Jamie xx

Jamie xx, producer of The xx, released a new album on Jan. 13.

2015 has been a monumental year in music so far. Following somewhat of a drought in 2014, some of the industry’s biggest artists have returned with fantastic LPs while newer artists have been in fierce competition with each other to make a name for themselves in a year that seems like fantastic music is released just about every week. 

“Barter 6” by Young Thug 

“Barter 6” is an electrifying, dark, and angular take on southern hip hop that is nothing short of spectacular. On top of glistening minor arpeggios, Earth shattering trap drums and dancing high hats, Thugger disassembles words down to mere sound. Then, syllable by syllable; bar by bar, he reassembles the English language into a tool that he can use to wow audiences.

Young Thug is on the vanguard of a new rap genre, which has its roots in Lil Wayne’s game-changing music, but is more fully developed, nurtured and delicately executed version on “Barter 6.”

The album’s standout and opening track “Constantly Hating” features Thug wasting no time as he slices through the mix with unbridled precision landing syllables onto the beat like a hammer as he fires line after line.

“But really, what is it to do when the whole world’s constantly hating on you?” Thugger pleads in the hook of “Constantly Hating.” 

His answer to that question could not possibly be louder as Young thug delivers not only the best album of the year so far, but one of the culminating stylistic achievements in all of hip-hop.

“In Colour” by Jamie xx

Jamie xx’s debut mesmerizes not with flashy features, speaker crushing compression or lofty musical intellectualism, but with a subtle and startling energy that exudes from each track. Nowhere is this strategy achieved more perfectly than on tracks like “Loud Places” whose lyrics Romy of The xx delivers flawlessly.

“Loud Places” illuminates the struggle of a woman looking for quiet security but can only find the deafening beat of the dance floor—an experience brought to life by the unbelievably moving and dynamic chorus.

Moments like this are what make “In Colour” so great. There is a loudness here that can only be achieved through subtlety.

“Carrie and Lowell” by Sufjan Stevens

Our past never leaves us. We encounter the world as sullen, yet we are proud of the storms we have weathered and are more aware of the fragility our lives posses with each weak spot in our armor exploited.

No one is more aware of this truth, it seems, than Sufjan Stevens.

“Carrie and Lowell” plays like a diary Stevens would rather forget, but knows he must encounter head on if he hopes to ever find solace. Steven’s story is one of betrayal, loss and loneliness that began with the departure of his mother Carrie who abandoned his family when Stevens was a young child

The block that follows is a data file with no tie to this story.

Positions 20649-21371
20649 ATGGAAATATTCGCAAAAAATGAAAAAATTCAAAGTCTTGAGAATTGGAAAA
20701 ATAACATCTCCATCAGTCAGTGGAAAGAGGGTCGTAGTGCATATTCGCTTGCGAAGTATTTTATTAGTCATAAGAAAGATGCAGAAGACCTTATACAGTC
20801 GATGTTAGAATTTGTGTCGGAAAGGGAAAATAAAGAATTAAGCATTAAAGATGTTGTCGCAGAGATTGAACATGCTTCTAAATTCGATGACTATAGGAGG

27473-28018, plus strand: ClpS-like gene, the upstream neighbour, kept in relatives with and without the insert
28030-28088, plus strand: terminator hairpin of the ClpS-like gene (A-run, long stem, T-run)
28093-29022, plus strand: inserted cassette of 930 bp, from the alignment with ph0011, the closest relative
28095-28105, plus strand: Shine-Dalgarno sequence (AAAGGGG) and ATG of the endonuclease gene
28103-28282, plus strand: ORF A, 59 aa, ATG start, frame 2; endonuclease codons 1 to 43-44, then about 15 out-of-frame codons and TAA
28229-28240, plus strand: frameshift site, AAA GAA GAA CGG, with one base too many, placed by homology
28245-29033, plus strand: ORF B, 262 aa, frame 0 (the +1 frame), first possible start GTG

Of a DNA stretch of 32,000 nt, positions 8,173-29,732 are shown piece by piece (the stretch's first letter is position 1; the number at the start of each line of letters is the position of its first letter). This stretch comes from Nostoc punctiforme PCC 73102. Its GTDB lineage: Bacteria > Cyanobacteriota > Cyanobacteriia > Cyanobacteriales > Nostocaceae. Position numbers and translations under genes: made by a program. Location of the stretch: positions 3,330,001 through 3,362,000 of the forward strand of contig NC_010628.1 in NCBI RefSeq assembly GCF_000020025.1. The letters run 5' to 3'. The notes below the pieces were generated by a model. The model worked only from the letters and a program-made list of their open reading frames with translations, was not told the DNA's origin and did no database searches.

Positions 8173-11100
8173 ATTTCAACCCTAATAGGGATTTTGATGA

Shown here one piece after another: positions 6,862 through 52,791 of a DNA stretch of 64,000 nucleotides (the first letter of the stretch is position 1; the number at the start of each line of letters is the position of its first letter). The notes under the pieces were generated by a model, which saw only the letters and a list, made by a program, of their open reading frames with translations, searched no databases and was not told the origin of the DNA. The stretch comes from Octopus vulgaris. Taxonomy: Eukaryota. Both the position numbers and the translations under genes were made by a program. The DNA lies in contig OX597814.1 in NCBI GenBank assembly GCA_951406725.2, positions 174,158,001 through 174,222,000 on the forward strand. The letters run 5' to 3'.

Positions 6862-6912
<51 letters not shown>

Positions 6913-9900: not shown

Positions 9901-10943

But, Sufjan is forty years old now and his mother is passed, making true closure impossible.

“I should have wrote a letter and grieved what I happen to grieve” Sufjan concedes in defeat now that his mother can no longer hear his surrenders.

“Carrie and Lowell” is a brilliant narrative that is so tangible for so many people, as it possesses a type of brutality songwriters do not often achieve.

“Vulnicura” by Björk

“Moments of clarity are so rare. I better document this. At last the view is fierce.” Whispers Björk on “Vulnicura’s” opening track, “Stonemilker.”

With this lyric, Björk has never been more self-aware of her career. For two decades, Björk’s career has picked up so much compositional momentum that her music has come to barely represent what songs are supposed to be. Rather, Björk’s compositions are categorized by minimalist explorations of found sounds, asymmetric time signatures, jarring break beats and the most vertigo inducing synths that one could only dream up.

However, with “Vulnicura,” in the mire of lost love, Björk violently expels the shock factor of her songs in exchange for gorgeous string arrangements. In doing so, she achieves a clarity that is fiercer than any music she has written to date.

“Vulnicura” is a break-up album at its core. However, what sets it apart is the fact that as the album progresses, the pain festers within an aging Björk in such a violent way, that it begins to seep through the cracks until halfway through the album’s ten minute suite “Black Lake,” when her anger erupts in mythic proportions.

“The Powers That B” by Death Grips 

Zach Hill of Death Grips once said that Death Grips doesn’t just make music to make music. The musician claimed that the group has to move forward with each project, or there is no reason to continue making music. In this vein of thought, veteran drummer Zach Hill, producer Zach Morin and frontman MC Ride have spent a career dismantling hip-hop into the grotesque.

This metamorphosis is exactly what Death Grips executes almost flawlessly on “The Powers that B.”

The project is split into two halves: the Former known as “N****s on the Moon” and the latter called “Jenny Death.”

“N****s on the Moon” is composed and recorded almost entirely on an electronic drum set making it a minimalist matrix-like labyrinth of asymmetric drum beats and Björk samples triggered by the drum kit that provides the only pitches found on the first half of “The Powers That B”.

However, the record’s second half, “Jenny Death” moves in the exact opposite direction. Though utilizing the same high frequency drum textures and freakishly fast tempos, the “Jenny Death” opts to use a maximalist guitar laden approach to dismantling the traditional instrumentations of hip-hop.

The two halves contradict, but at the same time brilliantly fulfill and complement each other, making “The Powers That B” a modern “White Album” of sorts for people sitting on the lunatic fringe of music. The album stands as perhaps one of the most poignant and visceral musical statements. 

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